The executive director of a community college foundation embroiled in a financial scandal resigned after 10 months on administrative leave.
Rhea Chung, executive director of the Los Angeles Trade Technical College foundation, was placed on paid leave in January after an audit by the college district raised questions about the propriety of some bonuses and perks she received on top of her $113,000 annual salary.
A follow-up audit by the district also raised the possibility that Trade Tech President Roland "Chip" Chapdelaine's signature might have been forged on nearly $100,000 in checks made out to Chung, including a $22,000 annual bonus and $1,500 monthly car allowance not allowed by district policy, and an additional $2,000 a month Chung received for running a youth orchestra.
The audit did not specifically accuse Chung or anyone else of signing Chapdelaine's name.
The Los Angeles County district attorney's office has an ongoing inquiry into the case.
The foundation is a semiautonomous nonprofit, but Chung was an employee of the Los Angeles Community College District. In a resignation letter sent Friday to college district Chancellor Daniel La Vista, Chung said, "I look forward to starting a new chapter in my career" and defended her record at the foundation.
"I worked under the direction of the president of the college and the foundation Board of Directors," she wrote. "All of my activities were approved and were aimed at benefiting the college."
In an emailed response to a Times inquiry, Chung did not elaborate on her reasons for resigning, but said: "I am sad that some persons have made false and scurrilous insinuations without any substantiation or evidence."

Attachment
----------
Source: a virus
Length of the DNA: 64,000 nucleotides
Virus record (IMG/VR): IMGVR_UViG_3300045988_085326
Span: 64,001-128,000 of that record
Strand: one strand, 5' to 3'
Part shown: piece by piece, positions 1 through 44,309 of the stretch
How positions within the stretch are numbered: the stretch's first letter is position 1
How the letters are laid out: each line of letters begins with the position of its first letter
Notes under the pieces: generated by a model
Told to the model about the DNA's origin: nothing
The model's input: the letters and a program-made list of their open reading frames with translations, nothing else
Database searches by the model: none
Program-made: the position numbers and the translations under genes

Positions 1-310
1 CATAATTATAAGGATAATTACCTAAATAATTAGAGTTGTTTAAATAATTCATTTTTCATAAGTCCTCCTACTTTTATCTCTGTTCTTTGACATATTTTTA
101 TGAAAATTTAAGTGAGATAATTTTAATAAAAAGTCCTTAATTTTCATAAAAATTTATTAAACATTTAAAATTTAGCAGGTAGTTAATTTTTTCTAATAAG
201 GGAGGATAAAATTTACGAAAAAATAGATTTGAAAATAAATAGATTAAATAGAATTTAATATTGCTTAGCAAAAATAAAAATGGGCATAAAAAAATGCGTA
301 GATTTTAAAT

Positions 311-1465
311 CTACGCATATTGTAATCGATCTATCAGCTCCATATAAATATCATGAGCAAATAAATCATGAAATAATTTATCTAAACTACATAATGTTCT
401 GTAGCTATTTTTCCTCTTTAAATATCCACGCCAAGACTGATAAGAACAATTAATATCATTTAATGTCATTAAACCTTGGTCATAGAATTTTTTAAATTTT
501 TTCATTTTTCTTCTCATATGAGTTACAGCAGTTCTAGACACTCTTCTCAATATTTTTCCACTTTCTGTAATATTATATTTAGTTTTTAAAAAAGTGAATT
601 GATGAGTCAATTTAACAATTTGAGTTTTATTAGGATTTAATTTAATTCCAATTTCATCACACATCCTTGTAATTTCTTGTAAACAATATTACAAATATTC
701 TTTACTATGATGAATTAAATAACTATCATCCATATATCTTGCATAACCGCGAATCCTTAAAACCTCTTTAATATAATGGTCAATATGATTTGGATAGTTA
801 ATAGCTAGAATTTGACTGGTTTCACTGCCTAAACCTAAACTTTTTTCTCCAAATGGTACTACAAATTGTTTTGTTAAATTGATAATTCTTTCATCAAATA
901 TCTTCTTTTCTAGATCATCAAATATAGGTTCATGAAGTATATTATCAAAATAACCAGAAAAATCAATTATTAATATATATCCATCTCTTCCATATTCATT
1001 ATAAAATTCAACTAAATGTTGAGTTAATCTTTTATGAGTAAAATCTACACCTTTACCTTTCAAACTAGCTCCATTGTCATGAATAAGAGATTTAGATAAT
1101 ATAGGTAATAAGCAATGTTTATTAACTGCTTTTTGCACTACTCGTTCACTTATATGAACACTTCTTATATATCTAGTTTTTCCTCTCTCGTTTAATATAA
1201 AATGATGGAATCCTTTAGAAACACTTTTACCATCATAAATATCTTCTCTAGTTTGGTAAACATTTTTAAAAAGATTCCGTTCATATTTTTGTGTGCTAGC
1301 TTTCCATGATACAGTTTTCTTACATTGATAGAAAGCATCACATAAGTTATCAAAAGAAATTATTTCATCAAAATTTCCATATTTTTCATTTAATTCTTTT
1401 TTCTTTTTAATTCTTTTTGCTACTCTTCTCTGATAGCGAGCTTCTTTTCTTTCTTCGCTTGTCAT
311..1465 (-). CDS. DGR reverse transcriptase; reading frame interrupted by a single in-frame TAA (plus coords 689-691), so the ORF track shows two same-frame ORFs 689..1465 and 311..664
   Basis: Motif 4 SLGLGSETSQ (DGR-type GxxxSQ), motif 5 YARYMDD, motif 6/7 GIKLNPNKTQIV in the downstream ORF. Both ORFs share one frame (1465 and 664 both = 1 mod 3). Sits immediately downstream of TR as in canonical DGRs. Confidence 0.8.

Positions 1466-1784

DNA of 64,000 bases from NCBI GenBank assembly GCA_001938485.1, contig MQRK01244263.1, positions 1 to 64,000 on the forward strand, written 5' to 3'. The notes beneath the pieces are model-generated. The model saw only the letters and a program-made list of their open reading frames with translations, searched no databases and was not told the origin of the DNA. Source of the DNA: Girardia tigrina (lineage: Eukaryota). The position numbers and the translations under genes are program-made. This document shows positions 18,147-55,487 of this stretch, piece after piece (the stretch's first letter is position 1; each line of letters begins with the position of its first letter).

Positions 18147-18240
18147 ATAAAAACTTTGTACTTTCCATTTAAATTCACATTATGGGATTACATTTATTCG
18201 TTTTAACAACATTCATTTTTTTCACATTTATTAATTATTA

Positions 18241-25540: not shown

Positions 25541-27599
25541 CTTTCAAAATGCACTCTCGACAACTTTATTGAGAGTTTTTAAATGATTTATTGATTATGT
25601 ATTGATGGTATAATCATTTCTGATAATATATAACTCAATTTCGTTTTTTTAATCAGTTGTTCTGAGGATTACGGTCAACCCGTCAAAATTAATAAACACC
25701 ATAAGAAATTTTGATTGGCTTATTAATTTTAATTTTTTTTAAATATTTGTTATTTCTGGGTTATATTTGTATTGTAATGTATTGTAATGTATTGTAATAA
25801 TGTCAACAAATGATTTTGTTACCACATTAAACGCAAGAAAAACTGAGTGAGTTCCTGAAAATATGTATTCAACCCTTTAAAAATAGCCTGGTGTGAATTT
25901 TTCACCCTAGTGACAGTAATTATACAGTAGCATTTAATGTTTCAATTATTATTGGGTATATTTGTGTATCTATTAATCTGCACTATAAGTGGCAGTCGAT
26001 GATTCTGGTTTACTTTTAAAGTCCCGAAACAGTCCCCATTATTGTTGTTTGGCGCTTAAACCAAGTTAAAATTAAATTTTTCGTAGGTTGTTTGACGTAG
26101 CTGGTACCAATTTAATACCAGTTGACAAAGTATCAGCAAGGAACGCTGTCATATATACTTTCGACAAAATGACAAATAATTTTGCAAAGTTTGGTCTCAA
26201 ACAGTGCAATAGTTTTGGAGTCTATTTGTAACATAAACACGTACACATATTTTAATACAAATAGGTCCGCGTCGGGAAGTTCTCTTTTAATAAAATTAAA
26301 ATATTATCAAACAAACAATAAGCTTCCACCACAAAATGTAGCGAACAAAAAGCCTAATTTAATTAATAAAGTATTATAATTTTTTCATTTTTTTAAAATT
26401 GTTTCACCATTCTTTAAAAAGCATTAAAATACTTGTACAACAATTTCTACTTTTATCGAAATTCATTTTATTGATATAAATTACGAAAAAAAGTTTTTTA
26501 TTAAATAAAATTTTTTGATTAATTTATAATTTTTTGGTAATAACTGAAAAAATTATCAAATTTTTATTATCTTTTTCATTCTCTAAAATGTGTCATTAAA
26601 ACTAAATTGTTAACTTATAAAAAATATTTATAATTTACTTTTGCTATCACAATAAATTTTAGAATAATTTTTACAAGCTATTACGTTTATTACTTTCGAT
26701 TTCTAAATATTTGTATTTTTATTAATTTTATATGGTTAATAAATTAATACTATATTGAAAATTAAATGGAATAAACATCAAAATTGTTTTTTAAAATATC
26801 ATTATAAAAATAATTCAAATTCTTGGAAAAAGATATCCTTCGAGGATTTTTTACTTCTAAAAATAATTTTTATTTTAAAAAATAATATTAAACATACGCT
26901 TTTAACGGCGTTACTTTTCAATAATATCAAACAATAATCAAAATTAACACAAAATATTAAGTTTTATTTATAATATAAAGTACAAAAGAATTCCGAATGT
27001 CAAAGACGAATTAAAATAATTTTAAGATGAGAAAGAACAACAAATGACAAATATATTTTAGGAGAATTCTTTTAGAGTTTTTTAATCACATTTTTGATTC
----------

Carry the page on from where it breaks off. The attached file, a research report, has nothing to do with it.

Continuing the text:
Chung has maintained that Chapdelaine was aware of all the payments to her and that she had witnessed him sign some of the contested checks.
Her attorney, Mark Geragos, also argued that the "questionable" checks could have been signed by other college officials who were authorized to sign documents in Chapdelaine's absence. Chapdelaine said no one was authorized to sign his name on checks.
After the scandal broke, former foundation board chairman Darryl Holter resigned and Chapdelaine announced that he would retire at the end of the 2012-13 school year — although faculty leaders called on him to step down sooner.
Faculty and students were incensed that so much money was going to Chung's perks and expenses — including tens of thousands of dollars in golf outings, club memberships and restaurant meals — and to the youth orchestra, when Trade Tech students were struggling to pay for tuition and school supplies.
Scott Svonkin, a member of the district's Board of Trustees, said the board was unable to act sooner because of personnel regulations. But he said that had Chung not resigned, he believed the trustees would have taken action in the near future to decide whether her case warranted termination.
The chairman of the foundation's board, Randall Ely, said the organization had already taken the necessary steps to put checks and balances in place in the wake of the scandal and has continued raising funds to help students.
"We've been moving forward since January, and this doesn't really change anything for us," he said.
Now that Chung has resigned, Ely said, the board will decide whether to hire another full-time executive director.